“I believe JR really loved Sue Ellen
And that things sound better when you’re yellin’
I believe that the Devil is ready to repent
But I can’t believe Donald Trump Is president”
Not The Nine O’Clock News circa 1980, edited for 2016″
The song “I Believe” was a parody American folk song from British satirical comedy programme which mocked the election of Ronald Regan to the office of president. The election of former B-movie actor, Regan was not as absurd as might at first appear, since at least he had held political office as Governor of California for 10 years eschewing his previous identity as an actor. By all accounts he was a pretty skilled politician with a past when he entered the White house in 1981. Comparisons between Trump and Regan should end there. The incredulity of his many in his electorate and those of us in Europe however will not go away as easily.
2016 has been a year of the unexpected in democratic terms. Firstly, in June the Brits voted to divorce themselves from Europe and now this month, Trump, whom everyone thought of as a Joke has been elected 44(5)th president of the United States, arguably the most powerful democratic office in the democratic world. Next year, if the surprise lurch to what was considered electoral margins continues, stalwart of European politics, Angela Merkel will be ousted, and in France, darling of the right, Marine Le Pen will do something her father in his extremism could only dream of, be elected president of France.
We live in uncertain times. The pace of change has increased to that which we as human beings can’t hold on to (as demonstrated by the many iterations of the presentation “Shift Happens” an original representation from Arapahoe High School in 2006). This itself causes a kind of mental pain which Alvin Toffler termed “Future Shock”. Add to this mass migration (Europe, Syria and North Africa) and an employment market which has been stripped of “traditional” “working class” jobs, combined with a lack of security in employment for the “lower” middle classes (clerical and administrative) who have suffered proletarianisation with stable jobs being off-shored to Mumbai or stateless organisations such as Elance and Upwork.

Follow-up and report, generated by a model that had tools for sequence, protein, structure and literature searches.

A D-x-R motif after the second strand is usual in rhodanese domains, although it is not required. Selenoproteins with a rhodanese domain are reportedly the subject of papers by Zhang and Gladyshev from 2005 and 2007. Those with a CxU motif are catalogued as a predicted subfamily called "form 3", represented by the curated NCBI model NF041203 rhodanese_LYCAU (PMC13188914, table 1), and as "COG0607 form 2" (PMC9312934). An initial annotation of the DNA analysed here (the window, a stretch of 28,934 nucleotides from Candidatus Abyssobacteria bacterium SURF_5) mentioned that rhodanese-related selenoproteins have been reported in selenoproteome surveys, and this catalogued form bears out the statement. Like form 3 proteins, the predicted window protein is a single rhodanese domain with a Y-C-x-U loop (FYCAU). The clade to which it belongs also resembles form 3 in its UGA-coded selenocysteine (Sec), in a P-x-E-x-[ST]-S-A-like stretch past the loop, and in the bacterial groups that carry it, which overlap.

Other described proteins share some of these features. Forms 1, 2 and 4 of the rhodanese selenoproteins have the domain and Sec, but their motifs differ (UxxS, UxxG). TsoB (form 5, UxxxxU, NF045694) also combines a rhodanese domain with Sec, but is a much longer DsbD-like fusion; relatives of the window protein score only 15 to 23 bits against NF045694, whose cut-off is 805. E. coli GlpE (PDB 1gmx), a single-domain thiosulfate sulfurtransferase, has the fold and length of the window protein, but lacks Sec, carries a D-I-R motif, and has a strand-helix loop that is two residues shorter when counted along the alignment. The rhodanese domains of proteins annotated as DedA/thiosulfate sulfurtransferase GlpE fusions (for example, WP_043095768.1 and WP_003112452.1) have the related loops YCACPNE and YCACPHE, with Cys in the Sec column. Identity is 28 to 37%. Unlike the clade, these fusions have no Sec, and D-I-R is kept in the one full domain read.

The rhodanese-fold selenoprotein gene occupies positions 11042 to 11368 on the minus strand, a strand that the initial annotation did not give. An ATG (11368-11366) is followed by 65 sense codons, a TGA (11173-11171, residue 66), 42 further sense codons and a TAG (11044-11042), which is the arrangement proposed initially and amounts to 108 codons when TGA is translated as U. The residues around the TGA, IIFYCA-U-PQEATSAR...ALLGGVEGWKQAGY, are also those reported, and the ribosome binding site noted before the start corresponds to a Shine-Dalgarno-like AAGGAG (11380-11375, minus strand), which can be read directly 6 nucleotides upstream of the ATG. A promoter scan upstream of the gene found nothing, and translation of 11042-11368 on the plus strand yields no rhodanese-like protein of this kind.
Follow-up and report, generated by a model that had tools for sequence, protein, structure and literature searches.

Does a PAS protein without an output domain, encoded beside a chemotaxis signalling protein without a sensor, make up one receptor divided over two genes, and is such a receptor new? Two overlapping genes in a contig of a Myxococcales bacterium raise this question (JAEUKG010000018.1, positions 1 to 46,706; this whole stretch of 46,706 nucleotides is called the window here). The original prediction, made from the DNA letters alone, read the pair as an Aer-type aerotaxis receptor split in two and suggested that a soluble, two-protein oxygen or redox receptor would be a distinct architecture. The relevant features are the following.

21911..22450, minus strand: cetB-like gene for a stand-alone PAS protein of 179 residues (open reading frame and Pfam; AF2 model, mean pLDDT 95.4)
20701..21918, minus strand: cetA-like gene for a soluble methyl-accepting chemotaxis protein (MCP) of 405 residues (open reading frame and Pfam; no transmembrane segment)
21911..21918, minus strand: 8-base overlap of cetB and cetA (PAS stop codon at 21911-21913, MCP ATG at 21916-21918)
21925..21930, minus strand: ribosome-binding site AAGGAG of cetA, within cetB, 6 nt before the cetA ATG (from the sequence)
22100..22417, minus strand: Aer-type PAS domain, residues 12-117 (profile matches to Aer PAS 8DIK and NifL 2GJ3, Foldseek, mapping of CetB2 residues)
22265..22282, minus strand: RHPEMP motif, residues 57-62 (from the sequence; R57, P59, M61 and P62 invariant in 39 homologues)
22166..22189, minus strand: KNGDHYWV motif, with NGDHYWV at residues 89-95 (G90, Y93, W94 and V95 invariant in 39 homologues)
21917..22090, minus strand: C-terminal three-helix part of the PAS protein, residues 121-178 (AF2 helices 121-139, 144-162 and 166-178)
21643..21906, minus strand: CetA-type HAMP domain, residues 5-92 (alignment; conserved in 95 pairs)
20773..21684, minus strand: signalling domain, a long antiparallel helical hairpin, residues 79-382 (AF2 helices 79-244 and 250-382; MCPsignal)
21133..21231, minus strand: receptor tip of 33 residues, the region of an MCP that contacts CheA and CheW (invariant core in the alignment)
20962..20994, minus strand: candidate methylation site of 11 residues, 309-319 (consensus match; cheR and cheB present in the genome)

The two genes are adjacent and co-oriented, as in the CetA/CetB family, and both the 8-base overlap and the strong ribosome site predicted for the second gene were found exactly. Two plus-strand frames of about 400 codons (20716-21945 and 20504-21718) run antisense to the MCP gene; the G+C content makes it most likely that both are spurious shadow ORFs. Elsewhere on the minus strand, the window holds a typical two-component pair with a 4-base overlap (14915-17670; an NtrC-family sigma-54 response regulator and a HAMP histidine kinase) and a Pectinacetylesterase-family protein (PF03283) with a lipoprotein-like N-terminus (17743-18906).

For those who have additional sensibilities, depite the shrinking of the Ozone Hole above the Antarctic, global warming is killing off polar bears and our addiction to all- things palm oil is causing orangutans and their neighbours to verge on the borders of extinction. Modern life is scary.
Wizzie Of Oz
So we want the Wizard of Oz. The wizard of Oz was authoritarian, offering certainty, a mere man who gave gifts of sawdust, plastic and oil to help those who were afraid manage the uncertainties of their existence. Trump and Farage offer the same and in doing so offer their narcissism in exchange.
The Diagnostic and statistical manner describes narcissists as having an exaggerated sense of self-importance (e.g., exaggerates achievements and talents, expects to be recognized as superior without commensurate achievements). The confidence of politicians such as Farage, Trump and Le Pen, compensate for our lack of certainty and it doesn’t matter to us whether they are right, merely that they believe they are .